Editor's note: Sarah Shourd was freed from prison in Iran 2½ months ago. Shourd, her fiancé, Shane Bauer, and Josh Fattal were hiking in the mountains in northern Iraq in July 2009 and were arrested by Iranian border guards, accused of spying and imprisoned. Shourd was released after 410 days in solitary confinement; her companions remain imprisoned. To learn more, visit freethehikers.org.
(CNN) -- When I was in Evin Prison in Tehran, a guard twice brought flowers to my cell. Each time, I'd hear the door open and look up to see her standing there with a huge smile and homegrown roses. I was speechless with gratitude.
When I broke down and cried, she would hold me in her arms, look me in the eyes and say, "God willing, Sarah, it's going to be OK."
Since my release, many people have wondered why I have not been more condemning of the country that kept me in solitary confinement for 410 days. They have wanted to know why I speak with such conviction about the need for an improved Iranian-U.S. relationship and highlight my love for the Middle East and respect for Muslim culture.
At a very personal level, I never would have been kept in jail for 14 months if Iran and the United States had a better relationship. My fiancé, Shane Bauer, and our close friend Josh Fattal would not still be in prison in Iran today on the baseless charge of espionage.
But there is more to my conviction than the merely personal. I don't believe that the animosity between Iran and the United States is an insuperable obstacle; it's the responsibility of all governments to engage diplomatically, regardless of their differences, and when they can't or don't, it is their people who suffer the most.
This week's nuclear talks in Geneva, Switzerland, involving Iran and the United States, the first in more than a year, are a hopeful sign that there can be a dialogue, as difficult as the challenges may be. Both countries have taken positive steps in recent months that offer some encouragement. Notably, the U.S. has officially designated the Iranian militant group Jundallah a terrorist organization, a decision applauded by Iran.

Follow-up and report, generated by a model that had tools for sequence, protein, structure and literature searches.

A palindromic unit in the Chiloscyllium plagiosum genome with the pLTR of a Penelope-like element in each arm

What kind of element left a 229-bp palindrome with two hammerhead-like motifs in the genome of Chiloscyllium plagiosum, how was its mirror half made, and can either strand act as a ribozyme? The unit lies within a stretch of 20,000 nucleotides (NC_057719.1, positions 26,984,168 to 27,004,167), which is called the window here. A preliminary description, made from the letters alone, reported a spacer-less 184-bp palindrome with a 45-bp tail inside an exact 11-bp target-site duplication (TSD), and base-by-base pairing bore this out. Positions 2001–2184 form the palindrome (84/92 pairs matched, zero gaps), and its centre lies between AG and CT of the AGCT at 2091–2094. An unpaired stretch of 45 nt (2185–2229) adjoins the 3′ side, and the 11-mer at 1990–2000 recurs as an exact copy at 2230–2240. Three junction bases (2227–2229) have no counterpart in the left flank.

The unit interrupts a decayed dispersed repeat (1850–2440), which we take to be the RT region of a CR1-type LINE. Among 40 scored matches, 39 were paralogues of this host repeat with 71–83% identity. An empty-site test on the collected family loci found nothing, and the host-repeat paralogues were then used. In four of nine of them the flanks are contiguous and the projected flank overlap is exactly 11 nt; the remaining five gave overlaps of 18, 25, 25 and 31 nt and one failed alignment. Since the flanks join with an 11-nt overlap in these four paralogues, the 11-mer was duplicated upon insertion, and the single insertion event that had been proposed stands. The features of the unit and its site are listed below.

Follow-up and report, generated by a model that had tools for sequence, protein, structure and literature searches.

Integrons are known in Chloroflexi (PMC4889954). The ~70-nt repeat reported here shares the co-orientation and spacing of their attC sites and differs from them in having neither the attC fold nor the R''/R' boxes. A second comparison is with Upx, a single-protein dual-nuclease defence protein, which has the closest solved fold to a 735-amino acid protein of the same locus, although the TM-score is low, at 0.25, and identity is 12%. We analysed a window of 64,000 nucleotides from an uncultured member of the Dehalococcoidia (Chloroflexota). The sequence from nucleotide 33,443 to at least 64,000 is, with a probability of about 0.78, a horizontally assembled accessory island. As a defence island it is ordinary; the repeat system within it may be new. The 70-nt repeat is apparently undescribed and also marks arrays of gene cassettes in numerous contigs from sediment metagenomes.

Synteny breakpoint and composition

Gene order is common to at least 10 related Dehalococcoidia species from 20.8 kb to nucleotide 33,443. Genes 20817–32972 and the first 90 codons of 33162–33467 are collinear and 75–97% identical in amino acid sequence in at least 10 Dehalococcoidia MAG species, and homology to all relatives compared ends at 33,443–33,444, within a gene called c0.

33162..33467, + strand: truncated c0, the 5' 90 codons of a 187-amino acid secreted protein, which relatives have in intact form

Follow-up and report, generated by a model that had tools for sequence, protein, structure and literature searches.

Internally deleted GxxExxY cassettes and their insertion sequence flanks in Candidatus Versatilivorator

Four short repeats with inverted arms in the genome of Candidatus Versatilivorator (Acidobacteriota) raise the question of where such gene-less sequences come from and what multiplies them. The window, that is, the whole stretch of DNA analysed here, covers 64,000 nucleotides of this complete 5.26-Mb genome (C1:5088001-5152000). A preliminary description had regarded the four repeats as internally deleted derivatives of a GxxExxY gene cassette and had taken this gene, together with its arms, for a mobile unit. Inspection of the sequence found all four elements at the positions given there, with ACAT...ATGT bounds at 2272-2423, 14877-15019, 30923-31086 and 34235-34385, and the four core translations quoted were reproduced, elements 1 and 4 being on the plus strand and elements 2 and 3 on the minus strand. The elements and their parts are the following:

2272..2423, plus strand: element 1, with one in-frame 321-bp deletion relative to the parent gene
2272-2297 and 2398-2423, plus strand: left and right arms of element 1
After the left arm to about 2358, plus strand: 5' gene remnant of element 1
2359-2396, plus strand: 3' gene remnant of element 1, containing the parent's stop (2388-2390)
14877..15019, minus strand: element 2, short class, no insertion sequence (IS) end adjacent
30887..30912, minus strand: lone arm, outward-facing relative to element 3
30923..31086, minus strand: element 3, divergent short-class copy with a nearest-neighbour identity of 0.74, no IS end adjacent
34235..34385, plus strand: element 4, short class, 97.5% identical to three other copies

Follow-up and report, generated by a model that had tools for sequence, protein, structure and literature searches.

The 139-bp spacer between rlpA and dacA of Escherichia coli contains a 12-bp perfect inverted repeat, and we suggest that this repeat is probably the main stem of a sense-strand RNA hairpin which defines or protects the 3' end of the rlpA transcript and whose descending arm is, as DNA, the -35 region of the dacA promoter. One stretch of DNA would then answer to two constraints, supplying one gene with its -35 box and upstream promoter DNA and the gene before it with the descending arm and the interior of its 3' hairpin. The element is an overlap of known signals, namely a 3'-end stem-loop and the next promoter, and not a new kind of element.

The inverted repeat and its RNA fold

There is a long way to go toward overcoming the animosities of three decades, but now is the best time for dialogue. When I ask my government, and the Iranian government, to seize this opportunity, I'm thinking of the future. I'm thinking about the children I hope to have someday and about my children's children.
Shane and I had been living in Damascus, Syria, for more than a year before our fateful trip to Iraqi Kurdistan with Josh. I was teaching English to Iraqi refugees and Shane was working as a journalist. We hoped to use our work to counter the negative perceptions of the Middle East and Islam among many Americans and act as a bridge between our cultures. Josh, an environmentalist, was visiting us. He had heard about our experiences and came with an open, curious heart to share in our passion for the region.
How different our situation would have been if the United States had an embassy in Iran when Shane, Josh and I were arrested on the border with Kurdistan, where we had gone hiking. In the absence of a normal U.S.-Iranian relationship, we sat in our cells for two months before our families had any information about us, or we knew anything of what they were going through.
When Swiss diplomats, who represent U.S. interests in Iran, finally got to see us, I was so shellshocked by my isolation that I could barely utter a few words to pass on to my family. At the same time, over the course of my imprisonment, the belief that we could somehow emerge from a very painful experience better equipped to face the problems of our world helped Shane, Josh and I through the seemingly interminable days of loneliness, uncertainty and despair.
In prison, we gave ourselves a choice. We could come out as better people or we could let our experience crush the part of ourselves that we value the most -- the part that allows us to see beyond the differences that appear to divide us from people of other cultures and religions or with different points of view. This vision of religious pluralism and respect for knowledge is rooted in the ideals upon which our country was founded and is something all Americans can share.
More than anything, I want Shane and Josh to be free. I also do not want what happened to us to happen to other people, American or Iranian. I hope our leaders find the courage to begin to break from our nations' hostile past, just as the prison guard who brought me flowers was able to see past my nationality and recognize our common humanity.
The guard and I had very little to build on in terms of a common language, but I would say "one God" in Farsi and she would repeat the words with a solemn nod of the head.
When she found out that I was being released, the guard asked whether I would forget her once I got back to America. I told her I never would.
The opinions expressed in this commentary are solely those of Sarah Shourd.